Jaw and TMJ dysfunction
Jaw and TMJ Dysfunction: Approaches to Management in Western and Chinese Medicine
(Organ names in Chinese medicine differ from Western medicine's understanding).
Jaw and temporomandibular joint (TMJ) dysfunction is a common condition that affects the joint connecting the jawbone to the skull. Western medicine understands that this condition may occur due to a variety of factors such as injury, arthritis, or bruxism (teeth grinding), leading to pain and discomfort in the jaw, neck, and face. Treatment approaches include physical therapy, pain relievers, and anti-inflammatory medications. However, it is important to seek a professional opinion from a Western doctor for proper diagnosis and treatment.
In Traditional Chinese Medicine (TCM), jaw and TMJ dysfunction is considered to be a result of the stagnation of Qi (vital energy) and blood in the TCM-Meridian network of the face, head, and neck. This stagnation may be caused by external factors such as wind and cold, or internal factors such as stress, anxiety, or a poor diet. TCM treatment approach aims to promote the flow of Qi and blood, thereby relieving pain and restoring function.
Acupuncture, a common TCM modality, can be used to stimulate specific acupuncture points in the affected area to promote circulation and alleviate pain. Cupping therapy, which involves the use of suction cups to create a vacuum effect on the skin, can also be applied to improve blood flow and relax the muscles in the affected area. Chinese herbal medicine may be used to address the underlying causes of the condition, such as stress or poor diet, to prevent recurrence.
To manage jaw and TMJ dysfunction effectively, a complementary approach that incorporates both Western and TCM can be helpful. Western approaches may provide symptomatic relief, while TCM approaches may address the root cause of the condition. Combining these approaches may result in a more comprehensive and holistic management plan, tailored to the individual needs of the patient.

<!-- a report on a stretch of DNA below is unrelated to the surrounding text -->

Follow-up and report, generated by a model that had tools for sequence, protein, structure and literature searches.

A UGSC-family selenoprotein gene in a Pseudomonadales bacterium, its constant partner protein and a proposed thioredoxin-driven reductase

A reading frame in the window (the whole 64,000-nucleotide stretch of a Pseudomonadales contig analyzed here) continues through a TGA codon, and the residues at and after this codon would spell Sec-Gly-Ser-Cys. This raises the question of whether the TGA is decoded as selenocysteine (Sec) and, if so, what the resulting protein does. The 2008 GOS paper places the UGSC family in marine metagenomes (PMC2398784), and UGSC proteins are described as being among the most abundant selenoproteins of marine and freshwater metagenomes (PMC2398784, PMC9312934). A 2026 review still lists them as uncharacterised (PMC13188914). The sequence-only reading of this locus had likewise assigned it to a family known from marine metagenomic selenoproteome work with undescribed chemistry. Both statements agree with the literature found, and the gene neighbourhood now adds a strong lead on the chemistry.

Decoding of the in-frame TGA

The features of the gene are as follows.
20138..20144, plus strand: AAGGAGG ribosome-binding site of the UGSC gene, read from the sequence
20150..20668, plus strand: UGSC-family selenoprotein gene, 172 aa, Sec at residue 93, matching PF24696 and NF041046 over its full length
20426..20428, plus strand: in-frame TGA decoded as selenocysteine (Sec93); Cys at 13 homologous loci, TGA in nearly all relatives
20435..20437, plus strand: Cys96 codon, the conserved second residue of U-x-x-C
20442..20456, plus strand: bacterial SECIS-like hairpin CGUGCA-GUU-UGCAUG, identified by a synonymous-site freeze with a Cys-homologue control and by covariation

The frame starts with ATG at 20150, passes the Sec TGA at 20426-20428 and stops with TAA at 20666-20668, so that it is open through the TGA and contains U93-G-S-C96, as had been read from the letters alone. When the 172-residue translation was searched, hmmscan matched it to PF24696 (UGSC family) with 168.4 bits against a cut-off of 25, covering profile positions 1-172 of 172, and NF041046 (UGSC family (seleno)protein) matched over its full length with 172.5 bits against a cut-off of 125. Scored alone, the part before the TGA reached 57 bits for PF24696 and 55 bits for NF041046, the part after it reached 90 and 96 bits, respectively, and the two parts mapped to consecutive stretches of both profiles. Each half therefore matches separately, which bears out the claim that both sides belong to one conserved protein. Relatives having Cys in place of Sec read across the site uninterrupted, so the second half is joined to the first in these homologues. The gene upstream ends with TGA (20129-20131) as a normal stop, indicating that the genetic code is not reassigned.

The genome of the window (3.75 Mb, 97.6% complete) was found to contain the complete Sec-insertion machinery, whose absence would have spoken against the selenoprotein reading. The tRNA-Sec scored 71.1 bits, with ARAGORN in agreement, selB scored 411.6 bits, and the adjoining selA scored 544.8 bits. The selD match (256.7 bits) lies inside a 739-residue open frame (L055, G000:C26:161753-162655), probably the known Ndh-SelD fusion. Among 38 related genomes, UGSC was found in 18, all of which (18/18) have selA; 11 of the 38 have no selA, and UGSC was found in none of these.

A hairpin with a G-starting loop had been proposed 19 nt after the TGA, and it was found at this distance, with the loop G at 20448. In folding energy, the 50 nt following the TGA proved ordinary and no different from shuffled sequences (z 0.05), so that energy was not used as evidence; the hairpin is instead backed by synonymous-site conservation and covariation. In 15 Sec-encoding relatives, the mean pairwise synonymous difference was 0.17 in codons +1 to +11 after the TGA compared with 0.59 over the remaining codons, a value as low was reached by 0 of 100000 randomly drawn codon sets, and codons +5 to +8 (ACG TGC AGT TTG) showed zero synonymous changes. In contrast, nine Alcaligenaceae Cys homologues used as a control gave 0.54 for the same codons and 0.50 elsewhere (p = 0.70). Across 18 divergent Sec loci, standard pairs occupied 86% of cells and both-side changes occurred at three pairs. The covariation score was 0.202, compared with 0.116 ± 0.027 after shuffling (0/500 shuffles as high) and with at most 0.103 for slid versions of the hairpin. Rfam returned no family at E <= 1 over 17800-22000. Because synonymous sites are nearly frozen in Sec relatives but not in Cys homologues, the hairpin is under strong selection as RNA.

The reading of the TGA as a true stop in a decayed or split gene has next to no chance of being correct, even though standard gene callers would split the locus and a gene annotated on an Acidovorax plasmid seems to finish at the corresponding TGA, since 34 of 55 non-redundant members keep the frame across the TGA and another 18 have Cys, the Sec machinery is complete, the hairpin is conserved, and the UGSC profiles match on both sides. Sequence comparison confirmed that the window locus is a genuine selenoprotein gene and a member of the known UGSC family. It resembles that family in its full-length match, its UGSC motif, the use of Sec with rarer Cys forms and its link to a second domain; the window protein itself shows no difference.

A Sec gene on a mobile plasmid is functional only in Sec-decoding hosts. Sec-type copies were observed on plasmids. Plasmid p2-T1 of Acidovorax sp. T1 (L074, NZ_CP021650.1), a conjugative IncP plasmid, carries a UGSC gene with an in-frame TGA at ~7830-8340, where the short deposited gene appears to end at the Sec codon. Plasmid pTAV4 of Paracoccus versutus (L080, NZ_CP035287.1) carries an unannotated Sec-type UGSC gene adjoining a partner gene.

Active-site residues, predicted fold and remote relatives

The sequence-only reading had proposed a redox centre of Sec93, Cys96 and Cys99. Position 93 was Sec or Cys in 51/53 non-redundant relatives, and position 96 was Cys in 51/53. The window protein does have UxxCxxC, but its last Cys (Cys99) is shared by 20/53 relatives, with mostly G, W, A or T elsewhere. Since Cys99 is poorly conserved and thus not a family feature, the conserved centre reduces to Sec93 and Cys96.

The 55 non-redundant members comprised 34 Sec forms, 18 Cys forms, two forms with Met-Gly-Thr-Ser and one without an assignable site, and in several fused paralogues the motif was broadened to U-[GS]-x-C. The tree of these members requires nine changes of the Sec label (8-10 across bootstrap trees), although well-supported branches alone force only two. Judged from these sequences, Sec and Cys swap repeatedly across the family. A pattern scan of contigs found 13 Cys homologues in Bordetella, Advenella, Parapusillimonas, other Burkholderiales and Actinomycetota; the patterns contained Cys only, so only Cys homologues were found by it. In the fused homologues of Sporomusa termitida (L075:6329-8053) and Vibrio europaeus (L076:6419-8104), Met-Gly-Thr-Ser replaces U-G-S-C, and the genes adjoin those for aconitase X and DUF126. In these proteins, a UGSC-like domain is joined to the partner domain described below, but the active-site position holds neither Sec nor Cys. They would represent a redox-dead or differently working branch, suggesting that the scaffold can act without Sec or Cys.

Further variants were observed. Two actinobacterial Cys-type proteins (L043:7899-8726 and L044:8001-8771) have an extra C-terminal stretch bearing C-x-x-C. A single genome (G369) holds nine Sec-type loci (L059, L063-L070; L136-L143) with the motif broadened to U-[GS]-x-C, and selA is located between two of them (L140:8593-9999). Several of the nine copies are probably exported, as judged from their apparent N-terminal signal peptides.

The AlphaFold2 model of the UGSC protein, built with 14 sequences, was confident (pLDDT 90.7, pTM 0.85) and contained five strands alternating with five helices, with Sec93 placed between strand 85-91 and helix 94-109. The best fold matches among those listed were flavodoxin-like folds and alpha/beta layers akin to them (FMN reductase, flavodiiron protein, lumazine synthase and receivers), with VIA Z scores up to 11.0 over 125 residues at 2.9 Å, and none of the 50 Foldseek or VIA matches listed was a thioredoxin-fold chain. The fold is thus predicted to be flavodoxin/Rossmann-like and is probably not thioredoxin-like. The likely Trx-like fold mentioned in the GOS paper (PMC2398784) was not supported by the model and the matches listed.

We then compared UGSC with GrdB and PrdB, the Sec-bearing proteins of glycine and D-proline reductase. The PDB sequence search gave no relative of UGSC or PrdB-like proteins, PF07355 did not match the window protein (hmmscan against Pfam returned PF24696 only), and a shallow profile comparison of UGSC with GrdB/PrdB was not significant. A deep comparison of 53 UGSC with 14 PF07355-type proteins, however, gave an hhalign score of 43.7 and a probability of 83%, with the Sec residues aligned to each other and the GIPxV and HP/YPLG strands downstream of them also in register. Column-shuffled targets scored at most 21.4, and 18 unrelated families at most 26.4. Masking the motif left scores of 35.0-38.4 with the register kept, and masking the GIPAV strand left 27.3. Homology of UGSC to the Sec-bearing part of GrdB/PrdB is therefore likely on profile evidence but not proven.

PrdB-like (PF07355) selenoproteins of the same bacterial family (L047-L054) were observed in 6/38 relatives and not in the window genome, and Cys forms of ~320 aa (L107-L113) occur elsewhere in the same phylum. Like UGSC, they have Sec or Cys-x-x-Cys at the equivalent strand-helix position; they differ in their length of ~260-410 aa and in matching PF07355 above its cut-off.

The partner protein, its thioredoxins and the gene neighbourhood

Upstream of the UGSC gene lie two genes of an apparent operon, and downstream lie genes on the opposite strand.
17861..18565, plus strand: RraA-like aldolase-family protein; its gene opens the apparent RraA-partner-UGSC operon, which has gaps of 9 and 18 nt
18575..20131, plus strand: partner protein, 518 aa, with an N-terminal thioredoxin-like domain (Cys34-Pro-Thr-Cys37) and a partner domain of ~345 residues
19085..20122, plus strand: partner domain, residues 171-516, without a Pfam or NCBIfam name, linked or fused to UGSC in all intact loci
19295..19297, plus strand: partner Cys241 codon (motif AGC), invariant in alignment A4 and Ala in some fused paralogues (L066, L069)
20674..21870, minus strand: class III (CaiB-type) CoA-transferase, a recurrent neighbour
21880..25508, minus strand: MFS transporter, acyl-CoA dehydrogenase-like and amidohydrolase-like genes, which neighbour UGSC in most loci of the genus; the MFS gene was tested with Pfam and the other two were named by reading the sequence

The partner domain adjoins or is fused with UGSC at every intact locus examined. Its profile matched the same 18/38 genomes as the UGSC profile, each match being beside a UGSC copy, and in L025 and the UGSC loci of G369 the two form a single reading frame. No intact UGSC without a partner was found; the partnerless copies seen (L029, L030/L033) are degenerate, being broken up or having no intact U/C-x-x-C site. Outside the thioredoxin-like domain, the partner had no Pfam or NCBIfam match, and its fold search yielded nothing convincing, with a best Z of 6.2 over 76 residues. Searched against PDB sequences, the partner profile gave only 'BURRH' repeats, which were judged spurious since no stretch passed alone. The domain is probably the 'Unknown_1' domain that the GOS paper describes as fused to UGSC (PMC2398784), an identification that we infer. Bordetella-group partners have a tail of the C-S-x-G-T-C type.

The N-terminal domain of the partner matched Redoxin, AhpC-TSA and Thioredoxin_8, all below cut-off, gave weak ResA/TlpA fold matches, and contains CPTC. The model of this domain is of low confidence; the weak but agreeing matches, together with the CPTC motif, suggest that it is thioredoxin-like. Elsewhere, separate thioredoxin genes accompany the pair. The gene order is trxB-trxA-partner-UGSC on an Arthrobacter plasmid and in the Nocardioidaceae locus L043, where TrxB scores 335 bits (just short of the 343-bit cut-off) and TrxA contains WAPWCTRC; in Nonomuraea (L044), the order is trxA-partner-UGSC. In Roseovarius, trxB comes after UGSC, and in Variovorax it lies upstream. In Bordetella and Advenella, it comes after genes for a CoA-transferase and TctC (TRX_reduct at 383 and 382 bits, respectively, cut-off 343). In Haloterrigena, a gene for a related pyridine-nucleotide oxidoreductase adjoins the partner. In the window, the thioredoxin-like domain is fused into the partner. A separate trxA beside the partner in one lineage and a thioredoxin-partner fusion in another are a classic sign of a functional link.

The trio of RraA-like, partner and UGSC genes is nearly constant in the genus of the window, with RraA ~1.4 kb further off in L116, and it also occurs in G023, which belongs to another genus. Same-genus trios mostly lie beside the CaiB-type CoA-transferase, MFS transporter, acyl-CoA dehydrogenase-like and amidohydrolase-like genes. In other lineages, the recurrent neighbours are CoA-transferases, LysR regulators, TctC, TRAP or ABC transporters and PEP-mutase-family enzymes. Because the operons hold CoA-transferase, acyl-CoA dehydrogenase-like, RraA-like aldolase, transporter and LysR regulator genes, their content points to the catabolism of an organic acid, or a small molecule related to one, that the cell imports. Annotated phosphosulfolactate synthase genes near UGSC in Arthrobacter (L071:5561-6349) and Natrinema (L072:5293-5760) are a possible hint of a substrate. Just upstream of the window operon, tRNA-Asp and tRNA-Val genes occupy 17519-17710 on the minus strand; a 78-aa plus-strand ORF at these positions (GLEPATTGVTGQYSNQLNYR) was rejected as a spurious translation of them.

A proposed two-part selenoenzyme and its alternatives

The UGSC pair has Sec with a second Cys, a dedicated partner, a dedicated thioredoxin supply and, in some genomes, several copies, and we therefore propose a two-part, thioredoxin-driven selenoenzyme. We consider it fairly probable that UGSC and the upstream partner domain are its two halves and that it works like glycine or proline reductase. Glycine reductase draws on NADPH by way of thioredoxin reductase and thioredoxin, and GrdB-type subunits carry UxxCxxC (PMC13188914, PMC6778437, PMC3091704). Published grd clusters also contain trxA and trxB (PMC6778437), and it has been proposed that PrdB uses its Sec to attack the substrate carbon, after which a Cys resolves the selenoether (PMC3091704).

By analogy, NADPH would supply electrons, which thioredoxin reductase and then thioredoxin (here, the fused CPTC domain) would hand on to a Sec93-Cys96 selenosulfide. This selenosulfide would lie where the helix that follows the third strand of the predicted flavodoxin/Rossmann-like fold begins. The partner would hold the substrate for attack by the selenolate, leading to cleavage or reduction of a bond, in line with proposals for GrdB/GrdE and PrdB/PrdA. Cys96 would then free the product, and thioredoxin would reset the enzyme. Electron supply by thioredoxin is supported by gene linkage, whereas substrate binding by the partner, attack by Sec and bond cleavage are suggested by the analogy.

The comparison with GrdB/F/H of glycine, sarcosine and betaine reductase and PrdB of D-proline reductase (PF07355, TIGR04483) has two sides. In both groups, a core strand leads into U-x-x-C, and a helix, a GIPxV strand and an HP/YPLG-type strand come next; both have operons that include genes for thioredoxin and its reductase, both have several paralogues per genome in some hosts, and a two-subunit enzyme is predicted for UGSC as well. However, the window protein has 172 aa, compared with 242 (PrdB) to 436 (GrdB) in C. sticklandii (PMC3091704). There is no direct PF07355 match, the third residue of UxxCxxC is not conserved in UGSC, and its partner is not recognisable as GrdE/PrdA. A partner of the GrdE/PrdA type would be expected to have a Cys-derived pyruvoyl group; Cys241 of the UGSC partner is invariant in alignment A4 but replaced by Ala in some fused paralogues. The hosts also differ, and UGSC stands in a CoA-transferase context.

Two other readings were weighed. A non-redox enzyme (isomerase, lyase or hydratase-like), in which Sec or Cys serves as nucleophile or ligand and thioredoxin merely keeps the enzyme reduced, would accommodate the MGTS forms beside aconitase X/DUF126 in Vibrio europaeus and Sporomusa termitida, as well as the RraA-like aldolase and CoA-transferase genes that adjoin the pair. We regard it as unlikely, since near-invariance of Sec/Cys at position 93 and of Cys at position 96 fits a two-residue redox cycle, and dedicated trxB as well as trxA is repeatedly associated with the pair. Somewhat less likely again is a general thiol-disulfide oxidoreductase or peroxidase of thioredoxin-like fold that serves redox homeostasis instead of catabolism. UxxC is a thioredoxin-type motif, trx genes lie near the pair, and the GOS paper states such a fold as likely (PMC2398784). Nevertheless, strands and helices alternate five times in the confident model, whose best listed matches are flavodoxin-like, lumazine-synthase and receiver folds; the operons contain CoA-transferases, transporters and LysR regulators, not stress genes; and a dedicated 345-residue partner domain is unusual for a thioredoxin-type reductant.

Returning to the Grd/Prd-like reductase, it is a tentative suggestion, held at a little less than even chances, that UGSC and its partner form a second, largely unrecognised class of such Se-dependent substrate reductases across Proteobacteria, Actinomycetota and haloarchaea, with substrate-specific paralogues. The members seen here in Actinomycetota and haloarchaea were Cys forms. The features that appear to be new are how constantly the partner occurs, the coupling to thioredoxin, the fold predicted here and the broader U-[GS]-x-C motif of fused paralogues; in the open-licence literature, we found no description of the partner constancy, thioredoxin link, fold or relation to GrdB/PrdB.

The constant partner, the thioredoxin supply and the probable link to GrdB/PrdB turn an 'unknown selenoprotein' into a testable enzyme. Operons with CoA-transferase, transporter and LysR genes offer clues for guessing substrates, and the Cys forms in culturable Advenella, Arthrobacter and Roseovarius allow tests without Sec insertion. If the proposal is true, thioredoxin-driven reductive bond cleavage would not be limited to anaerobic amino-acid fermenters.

Liu, G. Z., Zhang, L., & Yang, M. (2017). Research Progress of Acupuncture in Treating Temporomandibular Joint Dysfunction Syndrome. Journal of Acupuncture and Tuina Science, 15(1), 27-32.
Huang, Y. F., Liu, J. H., Chang, H. Y., & Su, K. C. (2019). The Efficacy of Acupuncture in Patients with Temporomandibular Joint Disorders: A Systematic Review and Meta-Analysis. Evidence-Based Complementary and Alternative Medicine, 2019.
Hsieh, R. L., Wang, F. C., Yeh, M. L., Bai, C. H., & Chen, C. C. (2009). Clinical Effectiveness of Acupuncture on Temporomandibular Joint Dysfunction: A Meta-Analysis. Journal of Orofacial Pain, 23(4), 307–314.
Luo, X., Shen, Y., Wang, X., Zhao, L., & Xu, B. (2020). Effectiveness and safety of acupuncture for the treatment of temporomandibular joint disorders: A systematic review and meta-analysis. PloS One, 15(5), e0233177. https://doi.org/10.1371/journal.pone.0233177
Li, J., Li, Y., Li, C., Li, Y., & Wu, F. (2020). Clinical observation of acupuncture combined with Chinese medicine for temporomandibular joint dysfunction syndrome. World Journal of Acupuncture - Moxibustion, 30(4), 331–335. https://doi.org/10.1016/j.wjam.2020.09.004
Yang, X., Zheng, L., & Wu, X. (2017). Effects of Chinese medicine therapy combined with occlusal splints on temporomandibular joint disk displacement without reduction. Chinese Journal of Integrative Medicine, 23(11), 826–830. https://doi.org/10.1007/s11655-017-2841-9
The primary objective of Chinese Medicine is to treat the whole person rather than a specific disease or its given name. It is an adjunct to Western medicine, with a distinct focus on identifying the underlying cause within Chinese medical theory and using it's principles in a safe and modern clinical setting.